Newsmakers

Ballerina Irina Dvorovenko: ‘All Artists Are Very Vulnerable’

Newsmakers

When Irina Dvorovenko took her final bows after a performance of “Onegin” at the Metropolitan Opera House in New York City, it capped a 17-year run for the principal dancer of the American Ballet Theatre.

But Dvorovenko is ready for the next stage of her career, which she hopes will involve acting, modeling, fashion design and training the next generation of ballet stars. She spoke in a studio at the Manhattan Movement and Arts Center with ABC News correspondent Tanya Rivero – herself once a ballerina with the New York City Ballet –in a “Newsmakers” interview.

“ABT was my home, my life, my company,” Dvorovenko said. “For me, ballet is not a profession but a lifestyle.”

That lifestyle began when Dvorovenko was 10 years old and by 17, she was a principal dancer with the National Opera Ballet of Kiev. Along the way, she won four major international ballet competitions. Dvorovenko counted classic dramatic ballets, including “Romeo and Juliet” and “Onegin,” as her favorites, although she said they are really difficult to enjoy because of the levels of exhaustion.

“I always thought, I don’t want to be a ballerina, I want to be the star,” she explained.

Yet her confidence masks insecurities that she said had plagued her all her professional life.

“All ballet dancers, all artists, are very vulnerable,” Dvorovenko said. “There are so many insecurities because it’s a huge responsibility and you’re dealing with discipline, routine and pain. From an early age, you have to learn how to control yourself. And have tremendous inner strength.

“The ballet world is pretty hidden,” Dvorovenko continued. “We dedicate our life to it. The audience sees beauty, grace, glamour, lightness, passion. Behind the curtain it’s a very difficult routine and strict discipline.”

For a professional ballerina, that means no more than three days off because “you’ll lose muscle tone and if you stop, you will be an invalid.” So even on vacation, Dvorovenko would take her pointe shoes. And since she plans to remain active as a dancer, she will continue taking ballet classes every morning.

The strict regimen extends to her diet as well.

“I do a lot of cooking at home,” Dvorovenko said. “Nothing is restricted, but I eat in normal portions. It’s not what you eat, it’s how much you eat. I would rather have little meals every two hours.”

But in the midst of intense rehearsals for a performance, eating does not take priority and she has sustained herself on little snacks such as yogurt, a banana and coconut water.

Diet and discipline are not all. The movie “Black Swan” gave audiences a fictionalized glimpse at a darker world backstage.

“That was an exaggerated version, but it does exist,” Dvorovenko said. “I never experienced it but I never hesitated to congratulate and compliment someone even if they hate me. I never felt that I’m a star or that I’m better than everyone else because all my life I have suffered difficulties and insecurities about my body and my strength.”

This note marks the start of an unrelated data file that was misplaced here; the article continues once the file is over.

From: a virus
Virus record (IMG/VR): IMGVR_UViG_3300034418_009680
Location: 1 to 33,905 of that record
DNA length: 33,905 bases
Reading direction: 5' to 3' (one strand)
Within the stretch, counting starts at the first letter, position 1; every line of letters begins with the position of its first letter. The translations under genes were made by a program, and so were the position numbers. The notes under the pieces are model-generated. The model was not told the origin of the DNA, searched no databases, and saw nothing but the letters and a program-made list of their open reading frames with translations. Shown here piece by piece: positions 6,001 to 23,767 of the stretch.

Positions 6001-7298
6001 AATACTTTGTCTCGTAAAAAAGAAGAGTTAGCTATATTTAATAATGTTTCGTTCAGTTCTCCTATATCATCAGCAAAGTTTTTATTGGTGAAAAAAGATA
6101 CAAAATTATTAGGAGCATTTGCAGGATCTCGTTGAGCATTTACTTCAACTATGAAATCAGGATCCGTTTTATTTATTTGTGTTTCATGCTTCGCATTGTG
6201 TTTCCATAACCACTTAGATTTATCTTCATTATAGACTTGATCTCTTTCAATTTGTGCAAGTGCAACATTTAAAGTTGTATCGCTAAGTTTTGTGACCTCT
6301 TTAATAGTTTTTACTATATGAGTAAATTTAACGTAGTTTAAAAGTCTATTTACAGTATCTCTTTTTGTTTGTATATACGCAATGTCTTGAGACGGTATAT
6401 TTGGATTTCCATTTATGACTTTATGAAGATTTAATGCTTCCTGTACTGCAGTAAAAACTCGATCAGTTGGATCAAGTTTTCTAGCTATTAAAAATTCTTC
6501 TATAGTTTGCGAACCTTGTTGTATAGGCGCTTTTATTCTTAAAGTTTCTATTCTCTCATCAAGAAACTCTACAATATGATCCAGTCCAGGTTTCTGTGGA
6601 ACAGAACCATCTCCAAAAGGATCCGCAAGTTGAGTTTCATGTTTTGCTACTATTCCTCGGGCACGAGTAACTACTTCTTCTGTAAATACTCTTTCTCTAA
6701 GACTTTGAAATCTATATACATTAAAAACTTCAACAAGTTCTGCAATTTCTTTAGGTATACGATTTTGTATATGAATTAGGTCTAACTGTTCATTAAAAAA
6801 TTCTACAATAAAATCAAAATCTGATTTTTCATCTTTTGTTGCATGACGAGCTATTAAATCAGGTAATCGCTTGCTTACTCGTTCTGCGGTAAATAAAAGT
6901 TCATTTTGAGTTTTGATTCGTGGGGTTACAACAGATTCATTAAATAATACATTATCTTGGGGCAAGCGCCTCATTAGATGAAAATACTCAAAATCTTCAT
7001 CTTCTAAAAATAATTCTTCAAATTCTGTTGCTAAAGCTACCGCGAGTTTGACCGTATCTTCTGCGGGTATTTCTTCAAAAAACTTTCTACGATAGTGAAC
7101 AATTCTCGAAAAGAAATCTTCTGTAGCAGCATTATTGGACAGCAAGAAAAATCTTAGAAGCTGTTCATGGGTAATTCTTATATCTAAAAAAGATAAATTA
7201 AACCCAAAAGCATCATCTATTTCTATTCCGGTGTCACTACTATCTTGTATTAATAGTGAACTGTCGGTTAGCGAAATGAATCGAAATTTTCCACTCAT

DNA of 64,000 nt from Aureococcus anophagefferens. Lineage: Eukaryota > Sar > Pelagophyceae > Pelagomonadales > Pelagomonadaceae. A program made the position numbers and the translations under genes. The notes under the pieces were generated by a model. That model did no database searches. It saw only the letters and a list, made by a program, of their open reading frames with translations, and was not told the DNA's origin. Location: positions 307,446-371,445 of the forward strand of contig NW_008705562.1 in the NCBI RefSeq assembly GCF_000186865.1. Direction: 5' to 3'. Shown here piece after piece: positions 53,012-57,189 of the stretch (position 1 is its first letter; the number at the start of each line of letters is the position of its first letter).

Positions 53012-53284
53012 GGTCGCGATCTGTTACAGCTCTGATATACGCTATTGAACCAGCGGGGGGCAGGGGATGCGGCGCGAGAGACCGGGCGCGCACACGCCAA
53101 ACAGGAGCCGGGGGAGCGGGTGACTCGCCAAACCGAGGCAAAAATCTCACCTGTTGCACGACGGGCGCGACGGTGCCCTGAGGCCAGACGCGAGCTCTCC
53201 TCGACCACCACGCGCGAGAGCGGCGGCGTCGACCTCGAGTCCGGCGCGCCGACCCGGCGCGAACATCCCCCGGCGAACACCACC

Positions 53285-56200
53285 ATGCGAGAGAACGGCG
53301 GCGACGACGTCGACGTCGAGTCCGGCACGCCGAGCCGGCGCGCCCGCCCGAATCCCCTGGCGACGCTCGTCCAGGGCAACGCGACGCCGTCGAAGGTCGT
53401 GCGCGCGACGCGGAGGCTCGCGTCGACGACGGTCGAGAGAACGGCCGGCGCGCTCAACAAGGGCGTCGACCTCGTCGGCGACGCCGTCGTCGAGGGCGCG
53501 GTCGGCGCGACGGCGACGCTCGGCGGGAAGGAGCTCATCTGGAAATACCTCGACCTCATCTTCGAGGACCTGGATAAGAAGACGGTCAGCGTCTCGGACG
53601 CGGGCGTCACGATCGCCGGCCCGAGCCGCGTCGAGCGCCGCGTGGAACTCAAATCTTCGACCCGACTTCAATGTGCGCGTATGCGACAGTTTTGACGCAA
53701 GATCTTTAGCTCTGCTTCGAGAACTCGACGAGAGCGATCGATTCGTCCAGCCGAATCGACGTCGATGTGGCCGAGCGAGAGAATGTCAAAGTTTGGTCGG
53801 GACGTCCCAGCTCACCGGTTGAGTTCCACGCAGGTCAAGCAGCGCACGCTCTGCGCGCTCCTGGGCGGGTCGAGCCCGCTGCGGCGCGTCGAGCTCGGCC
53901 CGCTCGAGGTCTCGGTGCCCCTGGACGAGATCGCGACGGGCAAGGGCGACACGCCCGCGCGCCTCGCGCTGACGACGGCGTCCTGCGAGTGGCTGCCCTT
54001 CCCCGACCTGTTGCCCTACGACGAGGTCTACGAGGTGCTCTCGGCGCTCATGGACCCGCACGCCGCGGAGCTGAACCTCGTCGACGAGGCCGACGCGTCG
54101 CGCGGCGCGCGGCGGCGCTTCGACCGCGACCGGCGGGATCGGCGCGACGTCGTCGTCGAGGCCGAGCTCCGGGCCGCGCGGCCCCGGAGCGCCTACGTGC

But along the way, Dvorovenko found a partner who understands intimately the world of ballet. Maxim Beloserkovsky was also a principal dancer with the ABT and has been her husband of 20 years. They have known each other since they were children.

“From an early age, I wanted to meet my Prince Charming,” Dvorovenko recalled. “A person with whom I could share life together on stage. In most companies, ballet directors will not pair couples together, but we had no drama in the studio because of our respectful relationship.”

The couple has an 8-year-old daughter, Emma, who will now likely see a lot more of her mother.

“It’s very difficult to balance dance and being a mom,” said Dvorovenko. “You have to be either 100 percent mother or 100 percent ballerina.”

Now that she has retired from the ABT, Dvorovenko has turned her attention to acting. She debuted on Broadway recently in Encores! production of Rodgers and Hart’s “On Your Toes,” which featured choreography by George Balanchine. It was also the first time Dvorovenko spoke on stage.

“I got drunk with this world of acting,” Dvorovenko said. “I could express my personality, musicality and dance skills. Ballerinas talk all the time but inside our head. I was trained not to do movements but to express the music.”

Dvorovenko and Beloserkovsky will also conduct intensive summer programs for children who wish to become ballet professionals. She sees it as her duty to help the next generation of dancers.

“For young kids, they need to be selected in order not to suffer,” Dvorovenko explained. “You need to have the right body type, physical strength and inner strength. And they need to have passion for it. It’s not fun, it’s dedication.”

And she will likely give them the advice that she gives herself as she starts a new phase of her career.

“I’m a very risky person,” she said. “I’m not afraid to challenge myself. I’m not afraid to fall down. I have nothing to lose. I could only earn experience.”

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